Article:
OCEANS 5 SEAFOOD MARKET & EATERY
Shoreham, (631) 849-6414
The vibe is good from the get go at the nice Oceans 5 Seafood Market and Eatery in the Shoreham Plaza. Diners enter this spotless, bright, white venue through the market with its well-marked display cases that offer a preview of the possibilities in the dining room. The friendly countermen instantly create a warm welcome. The eight-table dining room with its trac lighting, candles, snow-drop chandeliers, white table cloths and huge nautical photos is appropriate for what is Shoreham’s first really serious restaurant. So too is the neat little gem of a bar tucked into the rear of the restaurant.
Those blown up photographs aren’t the only things that are huge at Oceans 5. Patrons who choose a single entrée are served a meal that includes a large, diverse green salad with a choice of four dressings, vegetables and one of three starches (vegetable risotto, pilaf or roasted red potatoes). The bread slices in a basket look relatively uninteresting, but patrons who dip them into the high-quality, herbed olive oil at the center of the table will be rewarded.
The long comprehensive menu lists no fewer than twenty-seven appetizers plus four noteworthy soups. We sampled the six greaseless, lightly-breaded, fried shrimp ($7) with creamy tartar sauce, the shrimp cocktail ($8) of seven tiny, tender, boiled Pacific white shrimp that are chilled and served with Oceans’ own red sauce, the four, crisp, remarkably tasty coconut shrimp ($7) with a tangy honey mustard sauce and none of them were as good as the husky, homey crab corn chowder ($7 a bowl, $5 a cup) in which the two main ingredients marry perfectly. The so-called “cup” of this dense, creamy brew is actually a filling, formidable bowl that prevented the diner who ordered it from even putting a dent into his entrée. I can only imagine the size of the bowl; certainly it must be a meal in itself.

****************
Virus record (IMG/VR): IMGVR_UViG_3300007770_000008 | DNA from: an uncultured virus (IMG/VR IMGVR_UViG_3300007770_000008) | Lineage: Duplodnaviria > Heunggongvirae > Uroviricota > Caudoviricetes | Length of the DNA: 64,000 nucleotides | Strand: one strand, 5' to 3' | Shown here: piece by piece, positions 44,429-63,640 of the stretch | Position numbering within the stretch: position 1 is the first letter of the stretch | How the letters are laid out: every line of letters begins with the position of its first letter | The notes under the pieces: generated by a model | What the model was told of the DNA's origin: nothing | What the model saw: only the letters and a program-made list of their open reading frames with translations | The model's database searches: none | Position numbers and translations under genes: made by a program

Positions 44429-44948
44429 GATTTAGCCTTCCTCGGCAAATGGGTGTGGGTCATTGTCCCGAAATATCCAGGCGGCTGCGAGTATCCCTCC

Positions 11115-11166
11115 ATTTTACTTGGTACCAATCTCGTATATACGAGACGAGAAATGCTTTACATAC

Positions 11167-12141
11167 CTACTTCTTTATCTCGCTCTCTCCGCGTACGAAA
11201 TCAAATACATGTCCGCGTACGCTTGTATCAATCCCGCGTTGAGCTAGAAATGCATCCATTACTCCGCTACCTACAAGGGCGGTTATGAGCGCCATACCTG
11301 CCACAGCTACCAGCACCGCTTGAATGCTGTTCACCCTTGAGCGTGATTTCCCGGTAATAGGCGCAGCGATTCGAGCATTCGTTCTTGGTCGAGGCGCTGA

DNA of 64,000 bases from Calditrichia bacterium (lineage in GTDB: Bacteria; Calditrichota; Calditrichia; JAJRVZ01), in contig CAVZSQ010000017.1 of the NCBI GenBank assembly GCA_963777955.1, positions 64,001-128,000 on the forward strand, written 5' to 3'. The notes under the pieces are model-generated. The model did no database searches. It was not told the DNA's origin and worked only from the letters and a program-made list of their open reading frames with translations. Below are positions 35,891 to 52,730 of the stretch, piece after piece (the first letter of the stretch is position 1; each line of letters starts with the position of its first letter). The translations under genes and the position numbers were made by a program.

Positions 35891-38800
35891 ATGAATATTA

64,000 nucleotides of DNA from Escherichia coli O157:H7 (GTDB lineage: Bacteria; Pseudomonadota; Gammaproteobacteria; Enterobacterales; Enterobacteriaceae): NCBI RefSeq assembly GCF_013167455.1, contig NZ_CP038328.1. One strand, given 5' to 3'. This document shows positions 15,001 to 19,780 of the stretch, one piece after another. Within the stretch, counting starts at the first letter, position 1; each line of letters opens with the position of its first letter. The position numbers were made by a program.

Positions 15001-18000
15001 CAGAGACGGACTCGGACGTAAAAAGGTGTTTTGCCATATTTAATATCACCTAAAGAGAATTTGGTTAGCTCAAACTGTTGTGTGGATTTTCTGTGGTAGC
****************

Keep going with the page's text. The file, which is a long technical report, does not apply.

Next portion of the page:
The entrée ordered by the soup man was the shrimp and scallop scampi ($22), a linguini based colossus, three quarters of which he had to take home. The sautéed shrimp and scallops were fresh, fine and abundant as was the garlic, lemon, cream sauce. But there wasn’t quite enough of it to adhere to the pasta. The intelligent merge of an Idaho Rainbow trout fillet with sautéed, sliced almonds, wine and butter worked, and then some. Order New England lobster rolls ($25) and receive not one but two medium-sized rolls full of dense, finely chopped meat plus a salad with fresh tarragon.
The menu’s pick-your-own fish section offers fourteen dishes, about thirteen sauces and three preparation possibilities (grilled, pan seared, baked). Often-seen Tilapia can counter any boredom when harmonizing pineapple and mango salsa is added.
All but two desserts (chocolate molten cake and apple pie) are made in house. We ordered a richly flavored brownie sundae ($8) with a couple of scoops of ice cream and a banana cheese cake in which the banana flavor is infused in the cake rather than simply covered with a few slices.
Unfortunately, a few desserts and a number of other dishes were sold out. Hopefully the restaurant’s two young owners will adjust to their long menu and order adequately to keep it stocked.
photos by stephen lang